U.S. CitiesCity-Data Forum Index
Go Back   City-Data Forum > U.S. Forums > New York > New York City
 [Register]
Please register to participate in our discussions with 2 million other members - it's free and quick! Some forums can only be seen by registered members. After you create your account, you'll be able to customize options and access all our 15,000 new posts/day with fewer ads.
View detailed profile (Advanced) or search
site with Google Custom Search

Search Forums  (Advanced)
Reply Start New Thread
 
Old 11-03-2015, 06:31 PM
 
18,318 posts, read 11,728,262 times
Reputation: 11965

Advertisements

Quote:
Originally Posted by caribny View Post
OK I get your point. Any neighborhood which blacks buy homes is "busted up", even when the buy homes from whites, as they did in Canarsie, and Rosedale.

Put this way, any how you cut it BLACK IMMIGRANTS and BETTER of than are BLACK AMERICANS, and that was my point.

I leave you to discuss why black Americans are among the OLDEST groups in the USA, and yet are worse off than are most non white immigrant groups.


Statistical Portrait of the U.S. Black Immigrant Population | Pew Research Center

To say that Americans are buying homes in any part of Manhattan, aside from its northern parts is also a joke. Foreign millionaires are performing that role, chasing Americans, of all race, elsewhere, if they plan to be home owners. THIS is the underlying reason for gentrification, as I doubt that whites would be buying homes in BedStuy (one of the most impoverished areas, until recently)

It is amazing how fast Canarsie not only tipped but went totally over... But saw the same thing in areas of Staten Island and in fact it is still going on. Large parts of the North Shore are emptying out of whites/Europeans and you find blacks and Latino/Hispanics moving in.

However yes, it is sad that when the first minorities bought in what they considered a "nice" area they assumed (perhaps rather naively) things would not change and they would live in a racially mixed and diverse street/area. In too many cases that is not how things turned out.

All this being said one of the better indicators of an area's fiscal health are property values. While Brooklyn is "hot", Canarsie is another story.

Real Estate Market Trends for Canarsie, Brooklyn, NY - Trulia
Reply With Quote Quick reply to this message

 
Old 11-03-2015, 06:41 PM
 
18,318 posts, read 11,728,262 times
Reputation: 11965
Bringing this back on topic:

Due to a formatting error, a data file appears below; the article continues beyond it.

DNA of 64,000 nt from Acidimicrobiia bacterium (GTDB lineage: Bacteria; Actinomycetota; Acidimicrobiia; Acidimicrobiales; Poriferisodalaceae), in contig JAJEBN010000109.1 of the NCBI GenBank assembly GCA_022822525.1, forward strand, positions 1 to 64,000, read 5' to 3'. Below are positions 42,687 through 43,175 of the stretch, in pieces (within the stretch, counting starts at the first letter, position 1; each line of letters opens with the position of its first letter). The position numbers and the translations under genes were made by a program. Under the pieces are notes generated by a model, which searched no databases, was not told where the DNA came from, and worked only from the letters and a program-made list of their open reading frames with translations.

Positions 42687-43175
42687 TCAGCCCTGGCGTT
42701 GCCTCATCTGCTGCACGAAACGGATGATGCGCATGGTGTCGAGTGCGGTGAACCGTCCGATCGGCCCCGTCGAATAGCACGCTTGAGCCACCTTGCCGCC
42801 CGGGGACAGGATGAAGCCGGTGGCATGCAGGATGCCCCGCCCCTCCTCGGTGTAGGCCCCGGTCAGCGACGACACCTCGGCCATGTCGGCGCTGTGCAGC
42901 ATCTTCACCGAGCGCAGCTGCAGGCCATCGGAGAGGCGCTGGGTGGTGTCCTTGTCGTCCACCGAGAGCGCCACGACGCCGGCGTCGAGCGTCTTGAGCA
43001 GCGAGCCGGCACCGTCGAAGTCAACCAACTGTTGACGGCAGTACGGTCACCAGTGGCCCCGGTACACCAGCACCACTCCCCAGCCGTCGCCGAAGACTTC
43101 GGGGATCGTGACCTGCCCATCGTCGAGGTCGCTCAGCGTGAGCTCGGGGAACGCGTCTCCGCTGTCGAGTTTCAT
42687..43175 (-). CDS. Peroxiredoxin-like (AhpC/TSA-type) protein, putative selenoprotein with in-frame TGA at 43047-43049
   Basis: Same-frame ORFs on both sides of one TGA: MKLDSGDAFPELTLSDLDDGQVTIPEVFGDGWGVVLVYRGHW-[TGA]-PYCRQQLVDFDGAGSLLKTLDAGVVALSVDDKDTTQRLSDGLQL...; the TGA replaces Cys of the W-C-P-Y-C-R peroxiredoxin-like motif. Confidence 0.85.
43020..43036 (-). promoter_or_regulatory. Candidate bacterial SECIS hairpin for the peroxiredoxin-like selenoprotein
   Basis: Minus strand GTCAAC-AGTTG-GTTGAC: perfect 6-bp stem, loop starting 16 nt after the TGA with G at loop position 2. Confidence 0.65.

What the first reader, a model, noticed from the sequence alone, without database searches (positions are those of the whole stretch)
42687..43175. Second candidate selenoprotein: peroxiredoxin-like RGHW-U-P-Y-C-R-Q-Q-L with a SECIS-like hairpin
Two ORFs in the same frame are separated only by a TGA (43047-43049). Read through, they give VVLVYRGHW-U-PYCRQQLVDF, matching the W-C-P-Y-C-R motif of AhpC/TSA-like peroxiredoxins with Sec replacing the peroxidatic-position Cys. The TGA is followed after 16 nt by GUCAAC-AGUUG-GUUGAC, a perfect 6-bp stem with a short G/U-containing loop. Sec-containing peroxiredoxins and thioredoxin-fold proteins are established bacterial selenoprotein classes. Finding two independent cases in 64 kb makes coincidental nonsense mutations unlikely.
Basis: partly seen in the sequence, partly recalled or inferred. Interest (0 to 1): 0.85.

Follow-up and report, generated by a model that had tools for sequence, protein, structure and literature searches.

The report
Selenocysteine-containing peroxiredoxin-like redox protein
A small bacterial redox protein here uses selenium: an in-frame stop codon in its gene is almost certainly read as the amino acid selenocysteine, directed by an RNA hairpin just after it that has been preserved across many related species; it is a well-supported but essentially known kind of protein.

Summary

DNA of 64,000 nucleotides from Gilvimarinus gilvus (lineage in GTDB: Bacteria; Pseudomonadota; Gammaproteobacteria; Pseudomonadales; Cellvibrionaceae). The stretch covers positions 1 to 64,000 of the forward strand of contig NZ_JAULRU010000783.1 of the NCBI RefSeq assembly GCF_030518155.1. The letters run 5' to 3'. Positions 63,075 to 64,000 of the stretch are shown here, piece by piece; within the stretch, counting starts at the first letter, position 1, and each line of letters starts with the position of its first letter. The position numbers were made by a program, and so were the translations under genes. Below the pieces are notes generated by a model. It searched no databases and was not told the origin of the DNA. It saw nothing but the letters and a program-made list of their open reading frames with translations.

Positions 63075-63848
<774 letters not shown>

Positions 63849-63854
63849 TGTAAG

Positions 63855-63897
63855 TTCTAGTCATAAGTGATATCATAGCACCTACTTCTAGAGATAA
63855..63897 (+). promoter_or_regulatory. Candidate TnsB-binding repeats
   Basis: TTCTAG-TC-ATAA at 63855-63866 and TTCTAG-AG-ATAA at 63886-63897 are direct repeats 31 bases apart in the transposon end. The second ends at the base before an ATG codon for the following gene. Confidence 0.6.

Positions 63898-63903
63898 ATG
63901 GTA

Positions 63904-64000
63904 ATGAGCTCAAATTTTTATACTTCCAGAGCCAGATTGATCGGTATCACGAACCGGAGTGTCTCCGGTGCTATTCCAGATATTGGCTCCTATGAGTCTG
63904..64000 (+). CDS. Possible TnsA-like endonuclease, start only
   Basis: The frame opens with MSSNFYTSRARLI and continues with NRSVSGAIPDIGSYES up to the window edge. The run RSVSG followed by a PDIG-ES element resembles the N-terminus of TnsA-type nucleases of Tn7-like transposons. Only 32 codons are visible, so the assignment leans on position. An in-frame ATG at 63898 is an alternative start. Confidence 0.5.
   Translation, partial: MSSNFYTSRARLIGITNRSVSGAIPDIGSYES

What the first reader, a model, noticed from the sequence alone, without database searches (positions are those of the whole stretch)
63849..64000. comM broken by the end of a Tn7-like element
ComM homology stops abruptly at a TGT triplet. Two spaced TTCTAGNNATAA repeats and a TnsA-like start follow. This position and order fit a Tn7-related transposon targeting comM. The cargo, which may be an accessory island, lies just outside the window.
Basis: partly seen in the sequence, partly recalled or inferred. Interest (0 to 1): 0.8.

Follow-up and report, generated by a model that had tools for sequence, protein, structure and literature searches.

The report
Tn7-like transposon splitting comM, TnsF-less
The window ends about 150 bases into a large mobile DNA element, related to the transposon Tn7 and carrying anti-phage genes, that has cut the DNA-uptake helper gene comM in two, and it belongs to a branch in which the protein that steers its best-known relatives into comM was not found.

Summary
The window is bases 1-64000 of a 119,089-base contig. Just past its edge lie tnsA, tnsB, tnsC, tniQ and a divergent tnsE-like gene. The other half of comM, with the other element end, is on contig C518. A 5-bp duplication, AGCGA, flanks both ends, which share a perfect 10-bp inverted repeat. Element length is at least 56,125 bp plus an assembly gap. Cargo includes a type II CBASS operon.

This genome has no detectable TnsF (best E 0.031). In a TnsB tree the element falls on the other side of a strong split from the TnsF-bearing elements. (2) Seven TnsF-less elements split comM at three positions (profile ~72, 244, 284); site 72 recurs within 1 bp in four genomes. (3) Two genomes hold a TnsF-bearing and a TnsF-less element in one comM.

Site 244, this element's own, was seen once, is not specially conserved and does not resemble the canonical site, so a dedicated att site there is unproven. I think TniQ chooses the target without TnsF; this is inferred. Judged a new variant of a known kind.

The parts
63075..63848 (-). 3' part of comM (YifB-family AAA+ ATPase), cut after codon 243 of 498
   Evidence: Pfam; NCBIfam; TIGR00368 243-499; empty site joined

Past Sunday's NTY real estate section (besides the obligatory gay family feature) had a lengthy and interesting article about a family who left Brooklyn for the suburbs of Westchester. http://www.google.com/url?sa=t&rct=j...RkSYq_TUQqkN_g

The family had a nice two bedroom that they in a good part of Brooklyn that cost them $700k. However the increasing noise, density, hipster/transplant vibe was getting them down. In particular having a downstairs neighbor who blasted techno music at all hours keeping themselves and more importantly their children awake at night. In true "do as I say not as I do" NYC fashion this same resident while refusing to moderate his music playing complained about the "noise" caused by the children.

The family in particular was dreading the school situation. The public schools in their zoned area weren't that great. The few good private schools in Brooklyn were out of their reach financially. As they searched around for something new to buy anything in a moderately decent Brooklyn area with a good public school was more than they could afford. We're talking looking at a sad wreck of a place that cost 1.2 million (out of their budget) and really was too small.

Long story short they ended up in Westchester and are loving it. One of the first neighborhood events was a pot luck supper where they met large numbers of former Brooklyn residents. The husband said one of the first questions he and his wife were asked is " what part of Brooklyn did you move from"?

So yes, persons *ARE* moving out of NYC to the suburbs for many reasons. Brooklyn is very hot ATM but unless or until amenities come in particular good schools you will see more of this.
Reply With Quote Quick reply to this message
 
Old 11-03-2015, 07:04 PM
 
11,493 posts, read 5,585,756 times
Reputation: 5949
Quote:
Originally Posted by BugsyPal View Post
Bringing this back on topic:

Past Sunday's NTY real estate section (besides the obligatory gay family feature) had a lengthy and interesting article about a family who left Brooklyn for the suburbs of Westchester. http://www.google.com/url?sa=t&rct=j...RkSYq_TUQqkN_g

The family had a nice two bedroom that they in a good part of Brooklyn that cost them $700k. However the increasing noise, density, hipster/transplant vibe was getting them down. In particular having a downstairs neighbor who blasted techno music at all hours keeping themselves and more importantly their children awake at night. In true "do as I say not as I do" NYC fashion this same resident while refusing to moderate his music playing complained about the "noise" caused by the children.

The family in particular was dreading the school situation. The public schools in their zoned area weren't that great. The few good private schools in Brooklyn were out of their reach financially. As they searched around for something new to buy anything in a moderately decent Brooklyn area with a good public school was more than they could afford. We're talking looking at a sad wreck of a place that cost 1.2 million (out of their budget) and really was too small.

Long story short they ended up in Westchester and are loving it. One of the first neighborhood events was a pot luck supper where they met large numbers of former Brooklyn residents. The husband said one of the first questions he and his wife were asked is " what part of Brooklyn did you move from"?

So yes, persons *ARE* moving out of NYC to the suburbs for many reasons. Brooklyn is very hot ATM but unless or until amenities come in particular good schools you will see more of this.
I doubt those schools will get better if people keep avoiding them...I went to schools in a district that many people on CD would consider "subpar" but the education there was great, as long as you're willing to do the work.
Reply With Quote Quick reply to this message
 
Old 11-03-2015, 07:15 PM
 
18,318 posts, read 11,728,262 times
Reputation: 11965
Quote:
Originally Posted by l1995 View Post
I doubt those schools will get better if people keep avoiding them...I went to schools in a district that many people on CD would consider "subpar" but the education there was great, as long as you're willing to do the work.
You don't play Russian roulette with the education of one's children. Getting better is not the same as already having reached a certain level of quality. Some parents for various reasons are willing to take such chances, that is their choice.